"It is a complex fate to be an American," Henry James observed, and the principal discovery an American writer makes in Europe is just how complex this fate is.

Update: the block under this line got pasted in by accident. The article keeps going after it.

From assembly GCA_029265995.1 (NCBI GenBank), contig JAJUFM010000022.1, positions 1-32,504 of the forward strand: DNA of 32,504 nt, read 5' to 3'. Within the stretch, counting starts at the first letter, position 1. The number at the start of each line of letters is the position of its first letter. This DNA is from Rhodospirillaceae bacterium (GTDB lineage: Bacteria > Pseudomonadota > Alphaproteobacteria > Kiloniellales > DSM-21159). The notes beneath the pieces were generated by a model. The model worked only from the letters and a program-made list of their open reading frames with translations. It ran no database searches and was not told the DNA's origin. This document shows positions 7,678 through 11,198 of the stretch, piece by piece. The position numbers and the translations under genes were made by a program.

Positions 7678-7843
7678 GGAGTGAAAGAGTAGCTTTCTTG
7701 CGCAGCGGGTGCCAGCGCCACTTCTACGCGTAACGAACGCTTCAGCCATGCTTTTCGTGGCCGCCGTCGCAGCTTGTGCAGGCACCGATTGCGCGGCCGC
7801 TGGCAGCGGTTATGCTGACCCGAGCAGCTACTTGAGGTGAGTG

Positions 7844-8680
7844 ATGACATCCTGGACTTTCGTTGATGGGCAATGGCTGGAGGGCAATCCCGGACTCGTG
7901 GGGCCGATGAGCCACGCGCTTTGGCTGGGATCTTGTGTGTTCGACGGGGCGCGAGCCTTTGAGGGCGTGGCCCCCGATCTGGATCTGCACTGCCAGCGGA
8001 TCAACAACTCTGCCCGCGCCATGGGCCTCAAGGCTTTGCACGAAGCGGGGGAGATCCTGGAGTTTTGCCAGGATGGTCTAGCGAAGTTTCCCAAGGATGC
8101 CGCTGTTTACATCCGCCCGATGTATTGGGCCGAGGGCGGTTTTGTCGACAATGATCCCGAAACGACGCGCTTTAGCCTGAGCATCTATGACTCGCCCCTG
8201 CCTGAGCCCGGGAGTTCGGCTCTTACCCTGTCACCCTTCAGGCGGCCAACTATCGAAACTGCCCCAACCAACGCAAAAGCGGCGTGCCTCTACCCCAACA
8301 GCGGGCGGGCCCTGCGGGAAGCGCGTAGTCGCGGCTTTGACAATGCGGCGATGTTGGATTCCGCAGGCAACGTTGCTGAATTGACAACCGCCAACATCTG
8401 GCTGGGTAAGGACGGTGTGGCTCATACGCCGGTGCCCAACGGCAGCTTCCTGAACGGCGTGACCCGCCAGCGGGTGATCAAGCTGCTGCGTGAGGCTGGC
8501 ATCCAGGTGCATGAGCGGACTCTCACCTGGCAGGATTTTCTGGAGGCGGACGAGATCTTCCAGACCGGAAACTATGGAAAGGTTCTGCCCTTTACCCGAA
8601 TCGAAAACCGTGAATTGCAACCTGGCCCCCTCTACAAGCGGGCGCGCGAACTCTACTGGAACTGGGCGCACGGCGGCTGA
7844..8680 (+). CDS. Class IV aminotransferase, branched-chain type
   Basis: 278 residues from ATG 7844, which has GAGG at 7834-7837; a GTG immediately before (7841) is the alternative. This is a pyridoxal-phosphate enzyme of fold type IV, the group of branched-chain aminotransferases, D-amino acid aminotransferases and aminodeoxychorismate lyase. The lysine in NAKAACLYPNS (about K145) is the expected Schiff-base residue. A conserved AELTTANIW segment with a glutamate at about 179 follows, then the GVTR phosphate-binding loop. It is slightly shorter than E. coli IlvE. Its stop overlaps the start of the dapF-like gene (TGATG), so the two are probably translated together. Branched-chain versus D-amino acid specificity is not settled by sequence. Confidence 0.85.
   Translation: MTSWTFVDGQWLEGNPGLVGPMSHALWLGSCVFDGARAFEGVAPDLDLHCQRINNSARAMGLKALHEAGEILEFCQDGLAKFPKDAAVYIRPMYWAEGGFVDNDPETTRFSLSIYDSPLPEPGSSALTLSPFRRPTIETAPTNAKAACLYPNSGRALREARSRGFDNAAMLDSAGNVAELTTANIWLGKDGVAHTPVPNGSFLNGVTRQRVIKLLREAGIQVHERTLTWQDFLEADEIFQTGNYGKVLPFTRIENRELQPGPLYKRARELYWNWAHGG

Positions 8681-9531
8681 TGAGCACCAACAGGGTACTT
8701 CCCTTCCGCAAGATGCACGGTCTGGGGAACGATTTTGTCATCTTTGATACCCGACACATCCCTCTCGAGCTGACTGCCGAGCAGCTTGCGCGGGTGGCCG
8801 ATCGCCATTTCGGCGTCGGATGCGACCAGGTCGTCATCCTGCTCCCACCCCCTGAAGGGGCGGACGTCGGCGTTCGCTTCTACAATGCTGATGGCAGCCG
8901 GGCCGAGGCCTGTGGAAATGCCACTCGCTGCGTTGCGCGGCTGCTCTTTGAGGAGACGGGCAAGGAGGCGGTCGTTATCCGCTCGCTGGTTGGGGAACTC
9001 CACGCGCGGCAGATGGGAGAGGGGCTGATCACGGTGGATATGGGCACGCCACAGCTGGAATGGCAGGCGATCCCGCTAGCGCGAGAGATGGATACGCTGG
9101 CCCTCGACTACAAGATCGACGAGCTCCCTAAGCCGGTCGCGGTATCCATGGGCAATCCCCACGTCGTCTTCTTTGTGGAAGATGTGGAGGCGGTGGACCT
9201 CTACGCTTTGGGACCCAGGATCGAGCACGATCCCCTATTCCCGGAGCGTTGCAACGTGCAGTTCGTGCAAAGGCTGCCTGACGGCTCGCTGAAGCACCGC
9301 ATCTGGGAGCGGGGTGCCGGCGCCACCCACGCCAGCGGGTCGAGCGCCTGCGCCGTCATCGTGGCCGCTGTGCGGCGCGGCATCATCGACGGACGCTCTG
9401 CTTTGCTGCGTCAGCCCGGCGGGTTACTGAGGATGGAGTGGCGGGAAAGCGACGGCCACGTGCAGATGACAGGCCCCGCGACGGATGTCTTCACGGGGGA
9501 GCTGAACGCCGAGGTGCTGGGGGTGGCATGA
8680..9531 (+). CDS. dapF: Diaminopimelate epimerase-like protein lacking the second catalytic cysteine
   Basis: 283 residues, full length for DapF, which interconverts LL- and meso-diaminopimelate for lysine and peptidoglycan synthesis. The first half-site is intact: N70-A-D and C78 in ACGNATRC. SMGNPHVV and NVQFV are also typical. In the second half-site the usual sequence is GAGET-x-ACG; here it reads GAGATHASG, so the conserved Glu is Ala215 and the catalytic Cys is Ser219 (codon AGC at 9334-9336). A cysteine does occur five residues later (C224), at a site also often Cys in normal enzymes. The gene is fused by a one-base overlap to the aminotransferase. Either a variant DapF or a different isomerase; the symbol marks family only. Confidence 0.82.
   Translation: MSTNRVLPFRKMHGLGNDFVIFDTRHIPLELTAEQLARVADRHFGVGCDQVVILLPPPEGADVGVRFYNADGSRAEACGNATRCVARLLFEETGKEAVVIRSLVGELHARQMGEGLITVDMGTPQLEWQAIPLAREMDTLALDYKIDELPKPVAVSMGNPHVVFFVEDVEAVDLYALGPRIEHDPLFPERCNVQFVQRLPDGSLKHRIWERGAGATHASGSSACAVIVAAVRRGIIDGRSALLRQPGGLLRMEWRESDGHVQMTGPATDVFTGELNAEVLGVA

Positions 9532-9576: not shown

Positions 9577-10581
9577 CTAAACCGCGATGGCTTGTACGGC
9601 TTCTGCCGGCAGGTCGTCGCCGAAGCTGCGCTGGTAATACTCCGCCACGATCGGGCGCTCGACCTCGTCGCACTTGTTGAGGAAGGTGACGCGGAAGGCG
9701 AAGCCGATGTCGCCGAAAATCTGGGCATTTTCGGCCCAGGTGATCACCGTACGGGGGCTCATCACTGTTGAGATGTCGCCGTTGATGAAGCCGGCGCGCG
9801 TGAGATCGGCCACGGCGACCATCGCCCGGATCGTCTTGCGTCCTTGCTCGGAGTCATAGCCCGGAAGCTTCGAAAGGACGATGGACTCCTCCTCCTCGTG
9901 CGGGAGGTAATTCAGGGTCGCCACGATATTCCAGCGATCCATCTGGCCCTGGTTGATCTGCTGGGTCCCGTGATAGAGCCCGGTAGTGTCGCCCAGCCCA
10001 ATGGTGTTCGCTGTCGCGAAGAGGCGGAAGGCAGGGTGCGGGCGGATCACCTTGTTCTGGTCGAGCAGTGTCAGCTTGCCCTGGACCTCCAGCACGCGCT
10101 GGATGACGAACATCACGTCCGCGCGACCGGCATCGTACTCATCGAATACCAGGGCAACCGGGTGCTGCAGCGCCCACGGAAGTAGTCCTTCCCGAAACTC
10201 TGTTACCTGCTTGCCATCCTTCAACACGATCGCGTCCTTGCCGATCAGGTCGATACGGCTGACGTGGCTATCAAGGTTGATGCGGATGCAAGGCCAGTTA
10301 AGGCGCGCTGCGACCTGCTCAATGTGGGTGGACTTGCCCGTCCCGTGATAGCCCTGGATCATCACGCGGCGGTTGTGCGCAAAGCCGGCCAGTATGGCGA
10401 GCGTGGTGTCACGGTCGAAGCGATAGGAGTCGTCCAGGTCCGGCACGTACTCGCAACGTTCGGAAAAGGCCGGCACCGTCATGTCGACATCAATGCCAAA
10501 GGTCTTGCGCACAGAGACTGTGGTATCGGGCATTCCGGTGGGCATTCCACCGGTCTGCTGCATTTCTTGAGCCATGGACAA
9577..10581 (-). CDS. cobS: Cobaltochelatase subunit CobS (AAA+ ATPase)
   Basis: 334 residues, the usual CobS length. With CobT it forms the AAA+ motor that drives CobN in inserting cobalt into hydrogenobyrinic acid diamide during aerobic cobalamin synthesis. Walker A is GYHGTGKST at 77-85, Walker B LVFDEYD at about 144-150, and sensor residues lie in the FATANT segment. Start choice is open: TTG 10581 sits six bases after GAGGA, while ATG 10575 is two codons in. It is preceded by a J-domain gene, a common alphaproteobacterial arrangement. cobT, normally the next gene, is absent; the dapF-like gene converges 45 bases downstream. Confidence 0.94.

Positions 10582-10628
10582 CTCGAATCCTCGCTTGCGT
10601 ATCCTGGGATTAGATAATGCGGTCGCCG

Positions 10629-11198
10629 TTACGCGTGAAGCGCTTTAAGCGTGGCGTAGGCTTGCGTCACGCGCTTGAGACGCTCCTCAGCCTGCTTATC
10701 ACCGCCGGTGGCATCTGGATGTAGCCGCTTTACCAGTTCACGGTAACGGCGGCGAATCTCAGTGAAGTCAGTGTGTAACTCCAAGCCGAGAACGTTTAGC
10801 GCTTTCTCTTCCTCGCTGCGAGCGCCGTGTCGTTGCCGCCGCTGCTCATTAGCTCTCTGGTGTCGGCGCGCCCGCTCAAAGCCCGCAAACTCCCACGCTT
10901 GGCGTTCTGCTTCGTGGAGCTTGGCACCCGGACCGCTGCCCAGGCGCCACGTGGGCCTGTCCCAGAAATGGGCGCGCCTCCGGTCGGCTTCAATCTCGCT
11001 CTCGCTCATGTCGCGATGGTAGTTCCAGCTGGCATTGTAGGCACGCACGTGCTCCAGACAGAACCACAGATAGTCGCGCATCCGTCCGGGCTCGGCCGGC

"I wanted to prevent myself from becoming merely a Negro; or, even, merely a Negro writer. … The American writer, in Europe, is released, first of all, from the necessity of apologizing for himself. It is not until he is released from the habit of flexing his muscles and proving that he is just a ‘regular guy’ that he realizes how crippling this habit has been. It is not necessary for him, there, to pretend to be something he is not, for the artist does not encounter in Europe the same suspicion he encounters here."